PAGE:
Sunday, July 20, 2014

Episode 5: John Carter (of Mars)

Yes, Virginia, there is a Dotar Sojat. Ellie and Tim choose to fight for Helium by taking a look at John Carter, the 2012 adaptation of Edgar Rice Burrough's Barsoom novels. Warning: Contains explicit language, spoilers (both film and book), and much wistful grumbling about lost sequels.

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If you have strong feelings about John Carter (and it seems like most do), leave a comment and keep the discussion going.


  1. This makes me want to break out the DVD AGAIN!! I don't think of John Carter as a great film, but it is a very good movie and gets better with every viewing. I had no interest in the film because Hollywood gets the pulp stuff so WRONG that it's painful to watch. The first teaser was intriguing but the following ones were dreadful. I especially agree with your assessment that the changes worked and worked well. Movies are just not books. Even writers adapting their works to film make major changes to a lot of what WAS going on in the book because the film is a different animal. The fact is these writers did a great job of bringing this great but dated tale to a modern audience. I feel bad for the purists and even sympathize with them, BUT had this been more loyal to the book- and it's the most loyal pulp adaptation from the source I've ever seen filmed- but the thousand or so of us who would have loved it would have ruined the chance of a franchise with the millions who never read the books and would laugh at the notion of war loving eternal soldier (with no explanation of how or why he is) who actually grins when he fights, but also can't talk to women.
    As a side note: if you really like Mark Strong check out his role as a skeevy, volatile ass of a drug smuggler in a fun but smart movie "The Guard" (also featuring an odd team up of stars Brendan Gleesan as a hard to figure out Irish copper and Don Cheadle as a savvy but arrogant DEA officer from the USA).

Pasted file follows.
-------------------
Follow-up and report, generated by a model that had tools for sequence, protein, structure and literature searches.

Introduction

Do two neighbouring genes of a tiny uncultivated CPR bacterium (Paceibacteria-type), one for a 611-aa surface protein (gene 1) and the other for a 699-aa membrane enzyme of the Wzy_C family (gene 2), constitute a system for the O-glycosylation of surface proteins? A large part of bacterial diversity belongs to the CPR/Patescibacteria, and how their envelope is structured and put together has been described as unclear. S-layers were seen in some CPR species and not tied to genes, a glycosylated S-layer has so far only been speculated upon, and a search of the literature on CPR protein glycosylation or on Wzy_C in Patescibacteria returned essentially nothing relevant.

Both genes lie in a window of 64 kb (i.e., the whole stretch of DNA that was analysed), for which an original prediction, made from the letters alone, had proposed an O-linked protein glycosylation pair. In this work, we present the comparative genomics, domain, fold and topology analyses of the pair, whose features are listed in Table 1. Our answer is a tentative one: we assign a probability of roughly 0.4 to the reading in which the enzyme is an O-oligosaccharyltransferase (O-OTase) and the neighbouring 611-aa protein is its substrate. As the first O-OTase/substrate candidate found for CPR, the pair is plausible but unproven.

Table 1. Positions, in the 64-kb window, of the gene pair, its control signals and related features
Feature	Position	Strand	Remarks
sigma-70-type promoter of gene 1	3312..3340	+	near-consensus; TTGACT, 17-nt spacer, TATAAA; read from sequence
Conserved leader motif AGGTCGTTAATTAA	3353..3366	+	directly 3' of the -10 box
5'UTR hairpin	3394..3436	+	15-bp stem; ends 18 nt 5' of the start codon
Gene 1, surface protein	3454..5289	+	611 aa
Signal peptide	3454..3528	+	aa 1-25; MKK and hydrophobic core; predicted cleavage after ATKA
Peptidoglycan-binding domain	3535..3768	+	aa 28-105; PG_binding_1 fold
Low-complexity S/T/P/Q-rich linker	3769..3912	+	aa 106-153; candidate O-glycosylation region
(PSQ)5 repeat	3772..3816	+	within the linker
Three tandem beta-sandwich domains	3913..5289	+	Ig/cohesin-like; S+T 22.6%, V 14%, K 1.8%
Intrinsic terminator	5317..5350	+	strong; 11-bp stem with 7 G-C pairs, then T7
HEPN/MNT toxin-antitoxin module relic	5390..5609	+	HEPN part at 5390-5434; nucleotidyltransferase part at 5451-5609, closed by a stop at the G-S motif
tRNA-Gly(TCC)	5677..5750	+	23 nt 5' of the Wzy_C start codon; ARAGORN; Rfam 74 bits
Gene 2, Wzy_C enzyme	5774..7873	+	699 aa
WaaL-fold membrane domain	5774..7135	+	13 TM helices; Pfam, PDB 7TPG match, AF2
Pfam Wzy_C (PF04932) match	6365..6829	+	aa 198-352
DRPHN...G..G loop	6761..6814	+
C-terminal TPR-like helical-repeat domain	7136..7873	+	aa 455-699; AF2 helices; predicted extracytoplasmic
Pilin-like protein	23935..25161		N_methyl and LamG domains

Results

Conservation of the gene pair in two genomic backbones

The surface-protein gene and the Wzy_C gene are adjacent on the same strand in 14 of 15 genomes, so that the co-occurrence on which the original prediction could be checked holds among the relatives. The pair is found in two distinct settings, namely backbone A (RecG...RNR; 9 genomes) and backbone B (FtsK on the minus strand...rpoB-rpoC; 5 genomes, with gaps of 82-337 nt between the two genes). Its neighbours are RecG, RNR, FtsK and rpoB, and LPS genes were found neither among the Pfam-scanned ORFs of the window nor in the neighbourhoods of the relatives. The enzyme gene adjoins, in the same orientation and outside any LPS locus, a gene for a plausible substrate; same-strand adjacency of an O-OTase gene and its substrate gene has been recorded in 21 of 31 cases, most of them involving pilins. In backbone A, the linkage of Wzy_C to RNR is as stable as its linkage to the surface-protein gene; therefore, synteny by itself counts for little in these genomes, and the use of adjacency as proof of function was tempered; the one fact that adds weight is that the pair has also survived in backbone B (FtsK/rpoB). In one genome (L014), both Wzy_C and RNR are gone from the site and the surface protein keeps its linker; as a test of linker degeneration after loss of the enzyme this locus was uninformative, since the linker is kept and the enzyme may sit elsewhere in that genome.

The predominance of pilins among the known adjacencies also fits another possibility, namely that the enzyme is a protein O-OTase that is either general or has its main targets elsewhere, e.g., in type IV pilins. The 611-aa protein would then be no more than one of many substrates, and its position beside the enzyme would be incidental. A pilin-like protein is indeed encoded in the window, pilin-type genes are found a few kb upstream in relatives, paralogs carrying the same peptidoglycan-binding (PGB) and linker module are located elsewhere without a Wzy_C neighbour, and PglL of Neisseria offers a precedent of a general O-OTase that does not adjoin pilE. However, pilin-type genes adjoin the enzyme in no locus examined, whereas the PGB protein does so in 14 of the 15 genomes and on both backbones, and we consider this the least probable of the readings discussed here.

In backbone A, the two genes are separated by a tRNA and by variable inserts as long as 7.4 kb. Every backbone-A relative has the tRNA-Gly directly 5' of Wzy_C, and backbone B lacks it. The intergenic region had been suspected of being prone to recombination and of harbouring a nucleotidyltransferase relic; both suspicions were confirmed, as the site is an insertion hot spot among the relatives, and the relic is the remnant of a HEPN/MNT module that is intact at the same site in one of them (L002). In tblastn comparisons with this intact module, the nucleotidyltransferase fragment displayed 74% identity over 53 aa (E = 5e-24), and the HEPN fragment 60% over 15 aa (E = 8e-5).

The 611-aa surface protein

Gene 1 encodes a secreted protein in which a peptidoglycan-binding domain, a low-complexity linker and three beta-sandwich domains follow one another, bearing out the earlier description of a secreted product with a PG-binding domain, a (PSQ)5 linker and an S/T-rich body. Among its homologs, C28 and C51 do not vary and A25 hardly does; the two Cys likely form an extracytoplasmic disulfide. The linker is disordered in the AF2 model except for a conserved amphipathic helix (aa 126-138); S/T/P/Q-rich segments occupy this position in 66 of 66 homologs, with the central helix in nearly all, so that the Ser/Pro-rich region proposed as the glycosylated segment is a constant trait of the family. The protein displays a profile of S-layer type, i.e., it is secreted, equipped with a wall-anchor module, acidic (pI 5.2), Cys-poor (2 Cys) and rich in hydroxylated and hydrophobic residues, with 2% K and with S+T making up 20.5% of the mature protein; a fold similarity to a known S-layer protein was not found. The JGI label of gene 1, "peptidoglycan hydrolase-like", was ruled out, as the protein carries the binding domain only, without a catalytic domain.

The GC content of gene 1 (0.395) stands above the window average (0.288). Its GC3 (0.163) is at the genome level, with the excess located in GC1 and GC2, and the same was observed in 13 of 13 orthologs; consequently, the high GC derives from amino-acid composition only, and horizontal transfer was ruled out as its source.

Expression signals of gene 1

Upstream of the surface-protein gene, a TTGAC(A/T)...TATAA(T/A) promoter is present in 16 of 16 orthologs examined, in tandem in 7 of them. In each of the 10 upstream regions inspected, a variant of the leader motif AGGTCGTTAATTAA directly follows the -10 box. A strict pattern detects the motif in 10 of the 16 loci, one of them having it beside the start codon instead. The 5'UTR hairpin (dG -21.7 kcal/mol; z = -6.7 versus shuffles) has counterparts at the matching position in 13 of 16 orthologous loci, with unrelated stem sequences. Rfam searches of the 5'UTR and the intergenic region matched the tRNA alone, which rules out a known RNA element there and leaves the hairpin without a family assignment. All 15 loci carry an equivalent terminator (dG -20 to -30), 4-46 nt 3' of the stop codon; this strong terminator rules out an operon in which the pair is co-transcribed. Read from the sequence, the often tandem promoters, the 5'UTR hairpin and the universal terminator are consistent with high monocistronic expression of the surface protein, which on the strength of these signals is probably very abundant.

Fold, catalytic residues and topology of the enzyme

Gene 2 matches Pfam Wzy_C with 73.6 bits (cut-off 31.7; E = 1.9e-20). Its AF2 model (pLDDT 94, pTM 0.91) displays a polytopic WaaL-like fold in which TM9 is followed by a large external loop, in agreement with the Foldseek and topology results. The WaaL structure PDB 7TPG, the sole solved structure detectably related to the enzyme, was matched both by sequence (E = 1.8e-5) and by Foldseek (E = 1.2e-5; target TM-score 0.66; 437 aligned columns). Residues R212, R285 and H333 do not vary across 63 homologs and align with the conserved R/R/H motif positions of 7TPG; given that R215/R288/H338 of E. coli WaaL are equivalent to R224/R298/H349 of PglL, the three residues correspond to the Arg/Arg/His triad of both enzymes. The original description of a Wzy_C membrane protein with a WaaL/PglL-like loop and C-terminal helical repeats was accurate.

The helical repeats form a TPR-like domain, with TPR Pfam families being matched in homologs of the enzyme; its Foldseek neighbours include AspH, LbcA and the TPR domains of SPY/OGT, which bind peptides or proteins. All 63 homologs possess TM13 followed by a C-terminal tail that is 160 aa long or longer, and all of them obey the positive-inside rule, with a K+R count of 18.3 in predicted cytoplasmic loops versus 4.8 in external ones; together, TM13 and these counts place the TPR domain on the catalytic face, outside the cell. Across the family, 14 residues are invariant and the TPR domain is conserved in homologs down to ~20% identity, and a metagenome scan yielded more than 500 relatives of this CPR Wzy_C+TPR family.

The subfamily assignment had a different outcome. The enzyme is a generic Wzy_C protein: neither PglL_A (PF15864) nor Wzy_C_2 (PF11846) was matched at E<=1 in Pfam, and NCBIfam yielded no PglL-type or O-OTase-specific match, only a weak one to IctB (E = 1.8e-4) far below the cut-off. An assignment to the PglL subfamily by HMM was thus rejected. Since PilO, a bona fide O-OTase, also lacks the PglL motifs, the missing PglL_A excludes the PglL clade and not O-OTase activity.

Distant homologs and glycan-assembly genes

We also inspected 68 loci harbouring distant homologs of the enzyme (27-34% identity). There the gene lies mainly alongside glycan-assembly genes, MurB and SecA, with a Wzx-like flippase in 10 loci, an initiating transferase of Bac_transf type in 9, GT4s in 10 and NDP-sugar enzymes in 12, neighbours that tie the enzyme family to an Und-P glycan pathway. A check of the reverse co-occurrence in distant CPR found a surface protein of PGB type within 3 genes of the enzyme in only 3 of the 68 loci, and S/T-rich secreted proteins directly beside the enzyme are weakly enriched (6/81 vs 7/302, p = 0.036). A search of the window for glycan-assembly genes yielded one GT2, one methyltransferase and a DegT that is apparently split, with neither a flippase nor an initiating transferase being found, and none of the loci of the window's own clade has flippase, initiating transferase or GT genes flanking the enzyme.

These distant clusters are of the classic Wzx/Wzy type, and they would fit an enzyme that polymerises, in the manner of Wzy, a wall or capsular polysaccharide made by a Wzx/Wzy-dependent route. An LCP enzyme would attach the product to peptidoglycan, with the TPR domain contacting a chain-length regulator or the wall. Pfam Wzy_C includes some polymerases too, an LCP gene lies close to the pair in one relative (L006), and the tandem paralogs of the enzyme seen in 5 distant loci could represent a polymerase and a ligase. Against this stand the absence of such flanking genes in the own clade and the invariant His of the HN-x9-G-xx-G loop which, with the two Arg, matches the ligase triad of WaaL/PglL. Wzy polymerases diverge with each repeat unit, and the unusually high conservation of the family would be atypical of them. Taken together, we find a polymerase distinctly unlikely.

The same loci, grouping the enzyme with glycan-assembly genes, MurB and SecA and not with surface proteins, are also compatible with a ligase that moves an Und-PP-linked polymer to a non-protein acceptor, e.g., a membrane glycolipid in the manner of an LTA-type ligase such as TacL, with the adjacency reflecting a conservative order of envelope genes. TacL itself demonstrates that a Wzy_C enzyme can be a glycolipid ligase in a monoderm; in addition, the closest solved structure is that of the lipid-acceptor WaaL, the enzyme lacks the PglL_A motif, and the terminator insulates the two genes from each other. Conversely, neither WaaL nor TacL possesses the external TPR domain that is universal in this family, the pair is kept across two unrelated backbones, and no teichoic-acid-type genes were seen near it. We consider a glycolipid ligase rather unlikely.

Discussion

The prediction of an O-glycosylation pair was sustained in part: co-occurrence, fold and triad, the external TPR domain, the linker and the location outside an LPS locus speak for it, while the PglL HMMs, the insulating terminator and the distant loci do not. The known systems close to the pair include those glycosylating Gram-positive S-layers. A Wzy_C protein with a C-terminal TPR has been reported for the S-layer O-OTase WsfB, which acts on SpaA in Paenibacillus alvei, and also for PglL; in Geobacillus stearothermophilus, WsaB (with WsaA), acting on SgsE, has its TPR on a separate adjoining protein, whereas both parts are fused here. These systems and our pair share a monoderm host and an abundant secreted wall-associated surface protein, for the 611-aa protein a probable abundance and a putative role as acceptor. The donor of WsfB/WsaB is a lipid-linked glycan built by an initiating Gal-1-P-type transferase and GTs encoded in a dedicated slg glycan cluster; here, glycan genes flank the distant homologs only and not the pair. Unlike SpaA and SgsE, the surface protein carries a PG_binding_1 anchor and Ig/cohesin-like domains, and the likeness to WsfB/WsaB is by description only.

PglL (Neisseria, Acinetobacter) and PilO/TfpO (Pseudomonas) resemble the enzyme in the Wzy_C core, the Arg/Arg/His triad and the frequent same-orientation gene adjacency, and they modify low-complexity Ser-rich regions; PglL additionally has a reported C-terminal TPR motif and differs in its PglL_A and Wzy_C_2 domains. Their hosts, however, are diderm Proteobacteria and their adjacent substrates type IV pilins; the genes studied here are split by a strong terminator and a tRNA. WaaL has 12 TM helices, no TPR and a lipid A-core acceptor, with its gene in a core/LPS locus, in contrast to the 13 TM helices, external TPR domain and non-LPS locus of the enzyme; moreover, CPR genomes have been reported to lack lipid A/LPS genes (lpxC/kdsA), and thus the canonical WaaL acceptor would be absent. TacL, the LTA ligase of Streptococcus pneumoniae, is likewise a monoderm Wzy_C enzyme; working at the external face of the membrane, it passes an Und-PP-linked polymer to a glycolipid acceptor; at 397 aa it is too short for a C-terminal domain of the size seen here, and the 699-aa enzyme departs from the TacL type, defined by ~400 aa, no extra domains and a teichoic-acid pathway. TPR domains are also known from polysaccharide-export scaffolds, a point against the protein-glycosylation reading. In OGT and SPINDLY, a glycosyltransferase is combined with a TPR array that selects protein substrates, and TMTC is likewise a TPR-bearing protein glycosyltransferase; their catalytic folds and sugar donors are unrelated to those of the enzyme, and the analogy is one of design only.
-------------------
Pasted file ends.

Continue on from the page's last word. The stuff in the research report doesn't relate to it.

1. I totally agree when it comes to adapting something into a different medium, particularly in this case since the original book was written to be serialized. Burroughs wrote each section as a somewhat standalone entity to be consumed on a weekly or monthly basis, which can come across as too episodic if you try to translate that directly into a shorter form, such as a movie, that's designed to be enjoyed in one go. I think Stanton and company did a good job of presenting exciting set pieces while making sure they fit into the overall story.

      I totally forgot to mention The Guard, but then Strong has so many great roles. I really dug that one, especially since Gleeson has become one of my favorite actors. I just saw a trailer for The Calvary, his new movie from the same director and it looks to have the same grimly fun tone.